Finally Apple has crumbled back under $600 as its descent resumes. Maybe you can blame it on the infighting that broke into public view in recent days with Tim Cook firing Scott Forstall, his competitor for Apple's top banana when Steve Jobs resigned days before his death. Or maybe recent fohpahs reveal deeper problems and competitors coming on strong.
Press reports suggest that Forstall was as mercurial and difficult as Steve Jobs was known to be. Recently, Forstall was on the hot seat for Siri, the speaking assistant that sometimes works and sometimes garbles everything, and the dismal failure of Apple Maps as released on the new iPhone 5.
Also canned was Cook's own recent hire of John Browett, as head of retail stores, only months after he was brought into the company from the UK's Dixon Stores. Browett tried to apply some cost cutting measures to the stores against which store employees rebelled and he reportedly didn't mesh into the Apple culture. Apparently, Browett just wasn't cutting Cook's mustard so one hopes the door doesn't hit him on the way out.
Press reports indicate that Apple has become the same sort of warring tribes workplace that once king of the hill Motorola had become years ago. And, we know a decade later that Motorola is now losing money hand over fist as a division of Google. A once innovative culture became a corporate morass. For sure, GOOG bought it for its expansive, first mover in cellular telephony, patent position. Google has the added problem with Motorola of producing smartphones in competition with its Android licensees who are building devjces that consumers are finding far more attractive than Motorola's designs. Think the Samsung Galaxy S 3, for example.
Sir Jonathon Ivey has long been in charge of Industrial Design, or the brilliant hardware side of Apple design. Mrs. Steve Jobs has described him as well as Scott Forstall as part of the Apple Core so vital to the company's extraordinary success. There has been concern of late that the software end of things which Forstall was running is not so tightly focused in its execution of one very central software design concept across all platforms and software packages.
When it comes to consumer products it is not hard to be dislodged from the top dog position. Motorola had its flip phones and then its RaZr devices that were in very high demand ten years ago. They held a high market share position that was superceded by Nokia and more recently by Apple. Google is actually the dominant smartphone platform at this time but it is spread across several manufacturers. It does show that most people do not buy an Apple smartphone. I believe, and we will soon see if they can deliver, that the combined Nokia/ Microsoft effort will be successful beyond current sub basement expectations.
Yes, I love my iPad and take it with me everywhere. I don't really want a Mini with its smaller screen. But, at least once or twice a week I am infuriated that I am trying to access a website that is being served up using Flash and I cannot see the slides on a conference call or access retail information from a merchant. I'd much prefer to have a table that will allow me to access the other Windows programs that I have used for years, even if they look different and I have a learning curve to absorb. I'd like to be able to easily coordinate my Outlook calendar with other devices.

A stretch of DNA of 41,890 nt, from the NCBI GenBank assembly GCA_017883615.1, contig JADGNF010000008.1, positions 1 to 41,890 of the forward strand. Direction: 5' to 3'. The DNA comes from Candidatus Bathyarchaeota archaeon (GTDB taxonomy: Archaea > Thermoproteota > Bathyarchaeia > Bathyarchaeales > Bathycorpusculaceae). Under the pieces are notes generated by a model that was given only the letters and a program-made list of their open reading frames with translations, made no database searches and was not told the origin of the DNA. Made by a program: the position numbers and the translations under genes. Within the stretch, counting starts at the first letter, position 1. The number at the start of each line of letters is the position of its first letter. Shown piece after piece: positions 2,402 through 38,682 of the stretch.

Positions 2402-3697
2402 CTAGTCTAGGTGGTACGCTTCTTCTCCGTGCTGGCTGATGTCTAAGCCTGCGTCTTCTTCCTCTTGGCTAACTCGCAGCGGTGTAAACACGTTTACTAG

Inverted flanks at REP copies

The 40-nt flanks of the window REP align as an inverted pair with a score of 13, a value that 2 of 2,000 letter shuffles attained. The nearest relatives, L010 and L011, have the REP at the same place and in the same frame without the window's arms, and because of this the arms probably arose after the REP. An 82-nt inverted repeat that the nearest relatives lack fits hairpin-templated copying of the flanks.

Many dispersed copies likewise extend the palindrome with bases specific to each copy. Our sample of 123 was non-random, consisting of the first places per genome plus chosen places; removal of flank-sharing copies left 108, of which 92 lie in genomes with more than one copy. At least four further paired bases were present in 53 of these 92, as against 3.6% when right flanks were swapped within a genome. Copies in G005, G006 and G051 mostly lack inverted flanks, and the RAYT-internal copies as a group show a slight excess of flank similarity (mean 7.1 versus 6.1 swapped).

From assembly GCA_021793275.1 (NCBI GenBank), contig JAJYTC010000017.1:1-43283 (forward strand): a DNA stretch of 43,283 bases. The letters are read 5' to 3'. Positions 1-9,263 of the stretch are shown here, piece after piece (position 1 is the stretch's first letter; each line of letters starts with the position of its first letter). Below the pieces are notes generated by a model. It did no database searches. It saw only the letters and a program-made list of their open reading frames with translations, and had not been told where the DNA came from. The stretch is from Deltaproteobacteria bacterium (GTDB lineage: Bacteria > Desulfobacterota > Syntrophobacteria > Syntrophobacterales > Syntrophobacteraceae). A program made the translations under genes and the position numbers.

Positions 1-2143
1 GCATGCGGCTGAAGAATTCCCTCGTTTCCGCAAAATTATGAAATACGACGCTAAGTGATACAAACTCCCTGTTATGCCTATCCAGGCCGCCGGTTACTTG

So I am queuing up for the Lumia 920 which isn't yet for sale in the U.S. but will be available for sale any day now at ATT (or they will miss the Holiday Selling Season). Reviews for its camera are fabulous and that is very important to me. The Geeks seem to love it and it is a fresh operating system, a description that objective observers seem to think no longer applies to Apple. U.S. Telcos are also looking for a third very viable alternative to the outrageous prices Apple has been charging. So if Nokia/Microsoft products take off, Apple will suffer from declining selling prices and margins.
Surely Tim Cook knows that it is hard to stay at the top in his industry. Steve Jobs was unique in the degree to which he was a visionary. His gift was imagining things we never knew we wanted. It sounds as if Tim Cook is an assertive corporate type, put in place to control those with vision who trained at Steve's right hand. He's made his calls this week to control his warring tribes. It will be interesting in a decade to see where Apple fits into the landscape. If devices take three years to nurture, manufacture and bring to market, then Apple has another decent couple of years to proceed with Steve's ideas. After that, they are on their own. Maybe that is why Apple's success has not been rewarded at its peak with an outrageous multiple.
One last thing is that today is the last day for many investment pools and mutual funds to complete their year. Owning Apple was a big winner this year, particularly until the last month. Many fund managers were willing to do anything to support the stock to retain their 2011 performance. That ends with October year end closings. No need to have Apple as a core holding any longer. What was great about Apple for anyone running institutional money was that the price was so high (like Google, too) that if you bought a few shares you spent a lot of money without having to purchase millions and millions of shares. hose folks have put something of a floor under the stock until now. that will slip away now as many of them rush for the door.
Joan E. Lappin CFA Gramercy Capital Management
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Mrs. Lappin, Gramercy Capital and its clients own shares in Nokia at this time.